Home > Economic policy, Environment, Oz Politics > Why do economists support carbon prices?

Why do economists support carbon prices?

July 14th, 2011

I’ve been a bit slow getting on to this, given the excitement of recent events, but my answer to this question is over the fold

The leader of the Opposition, Tony Abbott, is not easily embarrassed, but he showed a tiny bit of embarrassment when he had to concede that he could not find a single reputable economist to back his proposal for a ‘direct action’ scheme to reduce CO2 emissions. By contrast, large majorities back one or other of Abbott’s numerous previous positions on the issue, supporting a carbon tax, an emissions trading scheme, or some hybrid of the two.

An informal poll held at the Australian Conference of Economists found that only 11 per cent of attendees supported ‘direct action’, while 80 per cent favored price based mechanisms. From my discussions in the profession, I would say that the 11 per cent is an overstatement, and that those who responded this way fall into two groups:

(a) non-economists attending the conference on behalf of business organisations and other bodies tied to the conservative side of poltiics.

(b) the small minority of economists who reject the science of climate change and correctly judge that, whatever his current statements, Abbott has no intention of doing anything about it, let alone a wasteful and costly program of direct action

But why are economists so overwhelming in their support of market-based responses to climate change? Of course, economists support markets in general, but the great majority of the profession also supports direct government intervention in appropriate cases. The overwhelming support for a market based response to climate change reflects economists’ understanding of the nature of the problem.

Energy is essential to all aspects of modern life. On the other hand, our current methods of producing energy generate quantities of carbon dioxide too great for the atmosphere to absorb without producing a substantial disruption of the global climate.

So, we need to find a way to maintain the essentially uses of energy while reduce carbon dioxide emissions. This can be done by using alternative energy technologies, by using energy more efficiently or by changing our consumption patterns to focus less on energy-intensive items (such as lighting, heating, airconditioning and travel) and more on items that do not require so much energy (such as health services and telecommunications).

This problem raises a vast number of possible options, and the problem is to choose which will achieve the necessary reductions in emissions with the least possible disruption and economic cost. This is a difficult problem. For example, in reducing emissions from transport, the alternatives include the development of more fuel efficient private cars, expansion of public transport or the use of telecommunications (phone calls, email, Skype and so on) as a replacement for face-to-face meetings. It is not immediately obvious what mixture of these options is best, and there may well be other possibilities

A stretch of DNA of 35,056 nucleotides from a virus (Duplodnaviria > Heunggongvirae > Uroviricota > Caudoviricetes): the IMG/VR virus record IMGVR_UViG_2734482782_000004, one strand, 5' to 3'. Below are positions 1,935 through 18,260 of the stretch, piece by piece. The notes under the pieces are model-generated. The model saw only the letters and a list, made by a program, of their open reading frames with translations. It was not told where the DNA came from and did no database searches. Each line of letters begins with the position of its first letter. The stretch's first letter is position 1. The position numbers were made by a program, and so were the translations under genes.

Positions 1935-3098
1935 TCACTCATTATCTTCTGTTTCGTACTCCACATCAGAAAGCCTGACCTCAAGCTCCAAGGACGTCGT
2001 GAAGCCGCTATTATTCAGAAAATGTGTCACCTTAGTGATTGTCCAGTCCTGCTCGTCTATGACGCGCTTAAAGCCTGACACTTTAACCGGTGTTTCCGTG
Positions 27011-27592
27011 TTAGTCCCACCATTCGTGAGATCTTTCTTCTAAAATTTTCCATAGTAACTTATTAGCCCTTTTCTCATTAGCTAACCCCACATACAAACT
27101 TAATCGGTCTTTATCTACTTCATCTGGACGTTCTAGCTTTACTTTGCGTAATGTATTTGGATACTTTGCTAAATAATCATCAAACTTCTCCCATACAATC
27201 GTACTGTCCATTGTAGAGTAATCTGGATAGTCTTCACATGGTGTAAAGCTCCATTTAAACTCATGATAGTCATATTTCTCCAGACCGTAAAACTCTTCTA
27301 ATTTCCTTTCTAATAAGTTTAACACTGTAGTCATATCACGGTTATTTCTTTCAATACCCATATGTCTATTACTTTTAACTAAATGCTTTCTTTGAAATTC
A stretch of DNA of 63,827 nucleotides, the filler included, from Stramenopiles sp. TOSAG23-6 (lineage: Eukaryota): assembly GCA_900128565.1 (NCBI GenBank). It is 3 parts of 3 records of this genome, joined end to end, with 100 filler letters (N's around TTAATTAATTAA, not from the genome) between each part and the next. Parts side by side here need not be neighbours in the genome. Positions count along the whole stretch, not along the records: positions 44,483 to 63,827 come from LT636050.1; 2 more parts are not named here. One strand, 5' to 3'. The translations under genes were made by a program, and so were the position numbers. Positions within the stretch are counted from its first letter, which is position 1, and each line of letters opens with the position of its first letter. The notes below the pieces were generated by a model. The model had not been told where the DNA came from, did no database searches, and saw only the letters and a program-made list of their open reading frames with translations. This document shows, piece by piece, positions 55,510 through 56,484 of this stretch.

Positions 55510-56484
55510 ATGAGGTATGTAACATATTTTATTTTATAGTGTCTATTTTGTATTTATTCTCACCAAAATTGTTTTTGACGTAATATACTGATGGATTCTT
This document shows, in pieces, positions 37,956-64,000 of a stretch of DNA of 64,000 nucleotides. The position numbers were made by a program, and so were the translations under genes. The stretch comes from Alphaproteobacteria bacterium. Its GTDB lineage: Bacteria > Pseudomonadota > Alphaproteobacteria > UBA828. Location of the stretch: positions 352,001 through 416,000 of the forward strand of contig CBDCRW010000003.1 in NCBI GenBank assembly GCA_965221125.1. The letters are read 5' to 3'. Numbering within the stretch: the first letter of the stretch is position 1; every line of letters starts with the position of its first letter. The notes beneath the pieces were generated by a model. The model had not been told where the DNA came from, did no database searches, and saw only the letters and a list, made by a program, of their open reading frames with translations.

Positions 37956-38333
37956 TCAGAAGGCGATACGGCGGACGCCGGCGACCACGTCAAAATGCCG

One solution is for the government to appoint experts to identify the best methods of reducing emissions and then introduce regulations or other forms of ‘direct action’ to ensure that these methods are adopted. Sometimes, this is a sensible solution. Most of us are not very good at comparing the purchase price of household goods, from lightbulbs to fridges, with the lifetime energy costs they will generate. So, it makes sense for government to impose energy efficiency requirements, such as the phasing out of incandescent light bulbs.

But in most cases, no body of government experts has the information needed to make the necessary trade offs. The alternative solution is to make those responsible for carbon emissions pay a price, just as they do for goods and services of all kinds.

To see how this works, consider the government’s proposal for a price of $23/tonne. This will affect the decisions of businesses and households at a number of levels. First, consider electricity generators. They currently receive an average of about $40 for a megawatt-hour (MWh) of electricity (about 4c a kwh). Generating that MWh from brown coal emits about 1.3 tonnes of CO2, so a brown coal generator would have to pay around $30 MWh as the price of the carbon they emit. The corresponding figures are around $23/tonne for black coal, $10-15 tonne for gas and zero for most alternatives.

At these prices, new investment in brown coal power stations is no longer profitable, and existing brown coal stations are likely to close earlier than they would otherwise (the government is planning to help this along with some adjustment assistance). Where supplies are available, gas-fired electricity is usually the cheapest option followed by black coal and wind. As prices rise and the costs of relatively new renewable technologies fall, they will become competitive, even without regulatory measures such as the renewable energy target.

Given that the costs of coal-fired and gas-fired power will rise, the price of electricity will also rise, probably by around $23 MW/h or 2.3 c a kWh. That’s not huge, but it’s enough to provide businesses in particular with a stronger incentive to invest in more energy-efficient technologies. However, rather than governments specifying what investments companies should make, the imposition of a price lets them pick the option that is most cost-effective for their own business.